Stop! It's the Police!

Being called to the Emergency Department is easy.  

You hop in the car and go.  You know what you’re doing because you’re a professional medical interpreter!  

Walking into the ED, you notice police cars and there are officers standing around.  No big deal, right?  That happens all the time.  Just as you finish that thought, you see your patient is in their custody.  There's another person with the patient, and he looks relieved.  

The officer smiles at you and says, “Oh good.  We’ve been waiting for you!”  

You're not a legal interpreter so your confidence just took a dive.  Establishing appropriate role boundaries and maintaining amicable professional relationships just got a lot harder. 

You ask yourself, “What am I supposed to do now?”

These moments threaten to blur the lines between medical and legal interpreting skills.  As a trained medical interpreter you stick to what you know.  You're careful to only accept assignments within the healthcare setting.  But there are situations when you'll take an assignment, and without knowing beforehand, the patient needing care will be in the custody of law enforcement.  Without training and education, the officers and medical staff will expect you to interpret for both.  How you negotiate this conflict will determine how well you are ultimately able serve your healthcare customer and their patient.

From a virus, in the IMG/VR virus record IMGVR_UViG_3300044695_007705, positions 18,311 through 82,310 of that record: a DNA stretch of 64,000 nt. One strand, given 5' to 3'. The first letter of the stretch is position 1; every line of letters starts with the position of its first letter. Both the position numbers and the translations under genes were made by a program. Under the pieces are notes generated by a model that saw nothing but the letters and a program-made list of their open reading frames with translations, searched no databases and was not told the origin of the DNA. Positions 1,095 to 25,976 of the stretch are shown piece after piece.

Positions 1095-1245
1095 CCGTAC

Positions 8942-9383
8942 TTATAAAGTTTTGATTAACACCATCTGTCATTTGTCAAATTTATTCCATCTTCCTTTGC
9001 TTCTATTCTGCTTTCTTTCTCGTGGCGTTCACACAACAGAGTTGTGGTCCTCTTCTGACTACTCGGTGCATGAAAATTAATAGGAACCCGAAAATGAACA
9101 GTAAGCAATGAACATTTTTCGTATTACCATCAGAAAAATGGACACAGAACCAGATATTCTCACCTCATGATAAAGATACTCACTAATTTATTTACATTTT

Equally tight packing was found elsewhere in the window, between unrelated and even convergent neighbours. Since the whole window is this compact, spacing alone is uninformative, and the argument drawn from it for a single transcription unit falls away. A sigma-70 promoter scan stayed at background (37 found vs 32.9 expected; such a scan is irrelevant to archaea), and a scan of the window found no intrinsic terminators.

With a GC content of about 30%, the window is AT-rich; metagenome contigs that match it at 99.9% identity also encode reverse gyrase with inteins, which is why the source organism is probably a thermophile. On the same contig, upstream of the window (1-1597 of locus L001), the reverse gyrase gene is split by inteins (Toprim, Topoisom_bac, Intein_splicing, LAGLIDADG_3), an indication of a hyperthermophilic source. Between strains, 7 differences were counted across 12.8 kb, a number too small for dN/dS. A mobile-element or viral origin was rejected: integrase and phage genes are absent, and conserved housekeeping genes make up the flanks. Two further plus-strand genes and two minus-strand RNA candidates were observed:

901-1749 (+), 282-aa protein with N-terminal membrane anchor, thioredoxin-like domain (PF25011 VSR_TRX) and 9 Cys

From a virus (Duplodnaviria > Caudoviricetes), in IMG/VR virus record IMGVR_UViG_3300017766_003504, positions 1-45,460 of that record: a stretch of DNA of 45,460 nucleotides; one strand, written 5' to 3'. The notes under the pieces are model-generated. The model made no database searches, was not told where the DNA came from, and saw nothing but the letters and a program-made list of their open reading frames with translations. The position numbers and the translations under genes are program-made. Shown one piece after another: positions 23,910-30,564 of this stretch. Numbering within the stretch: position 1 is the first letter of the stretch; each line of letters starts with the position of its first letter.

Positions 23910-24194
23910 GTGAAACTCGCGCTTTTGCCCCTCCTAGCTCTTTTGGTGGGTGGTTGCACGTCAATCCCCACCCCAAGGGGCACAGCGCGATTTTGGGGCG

Learning Objectives:

  • Understand your rights and professional obligations
  • Develop strategies for personal safety
  • Describe techniques to effectively maintain role boundaries while interpreting for individuals in the custody of law enforcement
  • Analyze risks healthcare interpreters assume when providing interpretation services for law enforcement officers present at the healthcare facility

Course Details:

  • 1-hour course
  • CE approved
    • ATA: 1 point
    • CCHI: 1 instructional hour
    • WA DSHS: 1 hour
  • Live, instructor-led online classroom
  • Registration fee: $48.00
Problems are not stop signs, they are guidelines.
— Robert H. Schuller